After graduating four classes of young startups, Portland Incubator Experiment (PIE) is shutting down its accelerator — but it still wants to help entrepreneurs build businesses in other ways.
Founded in 2009, PIE started as a downtown Portland co-working space inside kingpin advertising company Wieden+Kennedy. But less than a year later, it quickly morphed into an accelerator, following in the footsteps of organizations like Y Combinator and Techstars while harnessing its relationship with W+K to help up-and-coming startups like Cloudability, Vadio, and AppThwack get off the ground with small amounts of seed funding, mentorship, office space, and access to other resources.
Fast forward five years, though, and PIE co-founder Rick Turoczy thinks it’s time for a change. In a blog post published today, Turoczy explains why PIE is shutting down its accelerator and no longer accepting new classes of startups.
“You see, despite some pretty kick-ass results, PIE was never meant to be an accelerator,” he wrote. “PIE was meant to be an incubator for on-going experiments.”
More from Turoczy, who noted that the accelerator was “neither a raving success nor a miserable failure”:
PIE incubates new ways for corporations and startups to work together. PIE tests how those with scale and resources can collaborate with innovators to create mutual value. PIE unlocks the tribal knowledge of entrepreneurial ecosystems to help build better founders — and help some of those founders (predominantly Portland founders) to be more successful. PIE fosters interesting services and technologies — and hopefully, makes it easier to start successful companies in Portland.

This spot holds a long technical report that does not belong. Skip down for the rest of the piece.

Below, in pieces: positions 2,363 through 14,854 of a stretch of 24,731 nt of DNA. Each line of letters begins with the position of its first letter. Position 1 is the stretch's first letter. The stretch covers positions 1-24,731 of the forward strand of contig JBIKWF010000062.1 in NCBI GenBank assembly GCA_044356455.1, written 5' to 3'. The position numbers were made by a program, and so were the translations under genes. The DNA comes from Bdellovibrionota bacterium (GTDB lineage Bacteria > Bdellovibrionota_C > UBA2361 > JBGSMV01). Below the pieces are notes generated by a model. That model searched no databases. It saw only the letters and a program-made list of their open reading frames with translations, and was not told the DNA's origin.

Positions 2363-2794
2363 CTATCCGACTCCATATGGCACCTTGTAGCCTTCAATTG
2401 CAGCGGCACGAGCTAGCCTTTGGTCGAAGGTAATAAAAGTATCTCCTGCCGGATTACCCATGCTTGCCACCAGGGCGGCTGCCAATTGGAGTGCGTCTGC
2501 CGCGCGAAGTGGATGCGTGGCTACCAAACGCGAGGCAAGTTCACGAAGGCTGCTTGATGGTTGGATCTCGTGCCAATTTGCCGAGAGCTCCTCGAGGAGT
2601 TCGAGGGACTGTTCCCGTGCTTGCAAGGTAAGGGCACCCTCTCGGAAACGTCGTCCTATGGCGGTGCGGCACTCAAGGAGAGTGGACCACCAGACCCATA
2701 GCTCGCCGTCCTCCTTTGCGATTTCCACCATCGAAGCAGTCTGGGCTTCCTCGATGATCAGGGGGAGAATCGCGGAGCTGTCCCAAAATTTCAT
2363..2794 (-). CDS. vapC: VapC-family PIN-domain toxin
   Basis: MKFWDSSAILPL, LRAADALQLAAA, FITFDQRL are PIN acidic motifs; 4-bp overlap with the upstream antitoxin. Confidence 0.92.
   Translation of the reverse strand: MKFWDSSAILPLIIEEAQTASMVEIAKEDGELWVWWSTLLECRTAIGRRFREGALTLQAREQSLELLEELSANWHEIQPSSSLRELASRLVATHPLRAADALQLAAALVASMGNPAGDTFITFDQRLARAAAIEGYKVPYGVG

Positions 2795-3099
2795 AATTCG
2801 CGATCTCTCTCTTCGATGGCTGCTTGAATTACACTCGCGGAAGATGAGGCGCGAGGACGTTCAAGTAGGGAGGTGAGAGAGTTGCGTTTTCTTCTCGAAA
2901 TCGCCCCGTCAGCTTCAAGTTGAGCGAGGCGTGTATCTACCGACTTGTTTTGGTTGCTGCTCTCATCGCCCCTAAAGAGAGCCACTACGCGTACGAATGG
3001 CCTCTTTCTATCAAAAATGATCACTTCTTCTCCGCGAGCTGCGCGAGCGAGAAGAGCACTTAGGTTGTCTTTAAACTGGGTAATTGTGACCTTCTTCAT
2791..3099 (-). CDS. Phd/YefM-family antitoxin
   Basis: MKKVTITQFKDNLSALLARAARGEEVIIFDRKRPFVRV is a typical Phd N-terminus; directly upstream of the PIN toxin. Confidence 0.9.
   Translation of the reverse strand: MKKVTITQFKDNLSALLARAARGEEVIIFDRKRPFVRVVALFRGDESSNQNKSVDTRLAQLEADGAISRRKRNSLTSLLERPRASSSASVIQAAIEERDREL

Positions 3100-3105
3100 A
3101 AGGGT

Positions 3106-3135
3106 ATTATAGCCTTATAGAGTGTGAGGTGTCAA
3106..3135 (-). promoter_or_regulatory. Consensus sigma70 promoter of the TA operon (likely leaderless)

Turoczy, who also runs the Silicon Florist blog, added that PIE could continue running its accelerator with “relatively predictable” outcomes, but he and the organization want to keep experimenting — after all, that’s part of its original name.
“We like to fix problems. We like to try new experiments. We like to make things difficult to make them interesting. Long story short, we like to start new things,” he wrote. “And so, even though it’s going to be scary and messy and rife with uncertainty, it’s time for the next phase of the experiment.”
PIE will continue to help Portland-based startups and the general Portland startup scene, but do so at a larger scale than in the past five years. It will work with groups like Startup PDX Challenge and Portland Startup Week while producing content to help entrepreneurs. Wieden+Kennedy will still be involved with PIE.
“We aren’t kicking back and taking a break,” Turoczy noted. “But we also haven’t hit ‘the big reveal’ yet. One effort, for example, has us focused on assisting our portfolio companies — helping us understand what growth stage startups need and how an accelerator might benefit that stage of startups. Another has been collaborating with other local and regional incubators and accelerators. Still another has been figuring out how the PIE model might be applied in other communities or industries. But there are a bunch of other things in the works, too.”
The Portland startup scene has come a long way since PIE was created and it’s been fun watching Portland grow as a startup city in that time. PDX is full of fast-growing startups — some that have already been scooped up by tech giants, others that are well on their way to huge success, and several more up-and-comers.
Along with the flurry of new startups, there is also a recent pattern of big tech companies like eBay, Salesforce, Google, Airbnb, and more setting up satellite offices in the region.
“It’s an awesome place to build a company,” Lumen Learning CEO Kim Thanos told us when we visited Portland in the Spring. “It’s the right size of city that has enough resources, but it’s not that same kind of competition for resources, attention, and focus you see in the Bay Area and Seattle.”
Other existing accelerators in the Portland area include Founders Pad, Forge Portland, Beaverton Startup Challenge, Portland State Business Accelerator, and the Jaguar Land Rover Incubator. You can see a list and map of Seattle-area accelerators and incubators here.